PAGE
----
Finding Scope Reticle Center

  • Last Post 17 April 2020
OU812 posted this 16 January 2018

I made this V block to find reticle center. It is high enough to clear target knobs when rotated 180 degrees. Jig must be clamped down to stationary object such as table to prevent movement.

It is much easier to find windage center first. Look thru and aim reticle of scope at target. Next rotate scope 180 degrees to see if windage reticle shifts. Rotate scope left and right and adjust target knob until windage reticle stays closest to center without shifting.

Next do the elevation.

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OU812 posted this 16 January 2018

I chose Leupold steel rings and bases because of the adjustable torx screw windage base. And the steel rings allow easier rotation when finding perfect vertical cross hair alignment. Perfect vertical prevents groups shifting when adjusting and shooting from 100 to 200 yards.

The Burris rings with plastic inserts are nice, but I found it much too difficult to rotate scope when finding vertical alignment.

Base needed to be shimmed at rear to make level and to prevent binding when tightening down. The Torx screws provided with Leupold 15 degree base and 30mm rings are very nice. Scope is a 35 fixed power Leopold. Cool stuff

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Larry Gibson posted this 16 January 2018

It's a lot easier to a mirror in a well lit room.  With this method you will get an optical center of the reticle instead of a mechanical center.

With the scope on low power, if variable, hold the objective against the mirror and look into the ocular end.  You should see 2 reticles if it is not centered.  Adjust elevation and windage bring the reticles together.  The reticle is then optically centered.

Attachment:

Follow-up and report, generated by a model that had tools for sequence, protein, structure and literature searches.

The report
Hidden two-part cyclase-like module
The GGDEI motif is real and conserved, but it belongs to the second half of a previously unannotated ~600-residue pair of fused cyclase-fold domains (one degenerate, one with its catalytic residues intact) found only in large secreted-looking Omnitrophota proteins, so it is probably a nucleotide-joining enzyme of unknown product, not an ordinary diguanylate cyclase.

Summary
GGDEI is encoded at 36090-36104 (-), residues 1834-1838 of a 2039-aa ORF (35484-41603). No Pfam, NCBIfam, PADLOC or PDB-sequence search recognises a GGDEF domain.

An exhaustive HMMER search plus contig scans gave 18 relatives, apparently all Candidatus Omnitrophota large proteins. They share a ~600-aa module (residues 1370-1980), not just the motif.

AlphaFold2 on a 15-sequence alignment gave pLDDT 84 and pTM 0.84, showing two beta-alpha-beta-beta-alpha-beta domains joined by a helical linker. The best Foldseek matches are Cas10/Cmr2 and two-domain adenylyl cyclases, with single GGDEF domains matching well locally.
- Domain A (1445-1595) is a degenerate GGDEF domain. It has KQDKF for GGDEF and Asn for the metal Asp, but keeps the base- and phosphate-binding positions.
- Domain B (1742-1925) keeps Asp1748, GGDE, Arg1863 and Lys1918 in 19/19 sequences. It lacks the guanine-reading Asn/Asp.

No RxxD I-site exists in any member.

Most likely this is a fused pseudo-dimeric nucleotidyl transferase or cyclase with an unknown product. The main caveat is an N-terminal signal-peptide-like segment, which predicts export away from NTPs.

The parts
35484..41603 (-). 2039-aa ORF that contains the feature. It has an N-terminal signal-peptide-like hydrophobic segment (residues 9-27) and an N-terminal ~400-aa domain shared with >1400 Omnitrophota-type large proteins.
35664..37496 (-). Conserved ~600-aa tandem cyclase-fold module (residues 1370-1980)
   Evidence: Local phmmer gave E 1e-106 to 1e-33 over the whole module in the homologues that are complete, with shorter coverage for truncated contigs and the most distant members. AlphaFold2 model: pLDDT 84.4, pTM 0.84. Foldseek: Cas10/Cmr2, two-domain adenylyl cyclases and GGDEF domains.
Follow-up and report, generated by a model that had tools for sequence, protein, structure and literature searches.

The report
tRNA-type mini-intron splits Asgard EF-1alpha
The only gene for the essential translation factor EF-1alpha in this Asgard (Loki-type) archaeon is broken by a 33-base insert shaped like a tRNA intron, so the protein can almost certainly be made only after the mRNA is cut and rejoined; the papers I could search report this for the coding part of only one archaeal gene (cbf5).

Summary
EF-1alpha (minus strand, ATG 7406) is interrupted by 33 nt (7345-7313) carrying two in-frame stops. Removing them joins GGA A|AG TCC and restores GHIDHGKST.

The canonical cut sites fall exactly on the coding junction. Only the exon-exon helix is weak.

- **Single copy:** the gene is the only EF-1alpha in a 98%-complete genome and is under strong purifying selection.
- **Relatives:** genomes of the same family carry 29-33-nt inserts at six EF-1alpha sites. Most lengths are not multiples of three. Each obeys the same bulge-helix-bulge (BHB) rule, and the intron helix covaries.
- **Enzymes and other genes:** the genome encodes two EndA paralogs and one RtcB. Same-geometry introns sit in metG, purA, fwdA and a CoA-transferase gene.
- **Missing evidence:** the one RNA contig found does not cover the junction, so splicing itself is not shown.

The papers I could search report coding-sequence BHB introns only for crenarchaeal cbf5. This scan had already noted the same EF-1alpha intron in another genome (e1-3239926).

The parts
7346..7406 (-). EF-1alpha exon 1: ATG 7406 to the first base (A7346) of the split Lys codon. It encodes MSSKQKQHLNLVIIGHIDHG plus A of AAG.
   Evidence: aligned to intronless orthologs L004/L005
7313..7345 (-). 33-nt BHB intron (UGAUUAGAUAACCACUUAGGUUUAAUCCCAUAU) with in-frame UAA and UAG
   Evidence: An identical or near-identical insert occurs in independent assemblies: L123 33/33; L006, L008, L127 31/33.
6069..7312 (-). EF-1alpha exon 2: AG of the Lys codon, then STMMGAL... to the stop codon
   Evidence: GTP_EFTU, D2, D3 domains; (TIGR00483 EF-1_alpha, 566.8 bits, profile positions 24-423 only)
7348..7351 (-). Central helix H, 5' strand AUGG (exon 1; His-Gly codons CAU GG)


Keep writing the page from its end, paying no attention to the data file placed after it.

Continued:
Concealment is not cover.........

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OU812 posted this 16 January 2018

Mirror method will not work (I tried) with high powered fixed scopes. Some say you need a perfect flat distortion free mirror such as one from a copy machine to work with high power scopes...I do not have.

I have used the easier bathroom mirror method on my lower powered scopes.

BTW... I emailed Leupold and ask them how to center the retical and their response was "count clicks or rotations", but I found this was not as accurate as rotating. 

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Ken Campbell Iowa posted this 16 January 2018

with a little luck you can find a cardboard box of the right length to cut a couple v-notches and twirl the scope   ... cheep and lazy, but " good enough " ..

the image of a fixed target downrange will go in circles until the scope is " centered " ...  you don't need to be perfect .


and like everything else in real life, be prepared to discover that your mounts are not perfect, your scope tube is bent, and even your receiver isn't looking down the barrel of your rifle . ( or visa-versa ) ...


interesting that we are playing with a howa 1500 sporter in 25-06 that seems to have a little of all three of the above symptoms ... ha ...  a foot left and 6 in. low at 25 yards ... leupold standard mounts/redfield 6-18 and a nikon also ....  dang this is fun ..... BTW, this howa 1500 is really a nice action ... and trigger ... to play with  ... reminds me of my ithica/tikka 308 in quality and feel  ....... 1.5 metric ( about 17 tpi ) thread lead on the howa barrel though ... my southbend doesn't speak metric ..... sigh  ...



ps my friend took a 350 yard shot at a coyote over the weekend with this howa ... ha ... he had a " tactical" reticle and chose the wrong pip out of  the confusing array of  squiggles and circles and spider webs available ... in the 2 seconds the coyote stopped he couldn't decide on which miraculous little helper ... ha ... i loved it ....  with a crosshair he could have just gave it 5 inches of air over the shoulder ...  the sierra club would be proud of him ...

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OU812 posted this 16 January 2018

A stiff weighted card board box works lots better.

Rifle in picture is the Remington 700 VS chambered in 223, 1/12" twist barrel. The free bore has been cut deeper using .2243 diameter reamer to accept the LBT style cast bullet. This 65 grain cast bullet has a very long bearing surface. My plan is to bump these bullets more round and centered just to see if accuracy improves.

Nose shape will be shorter and bearing surface will be longer after bumping.

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Wheel Weights posted this 17 April 2020

Crank the adjustments all the way one way, then the other. Count the clicks and split the count. Plenty close enuf for the real world.

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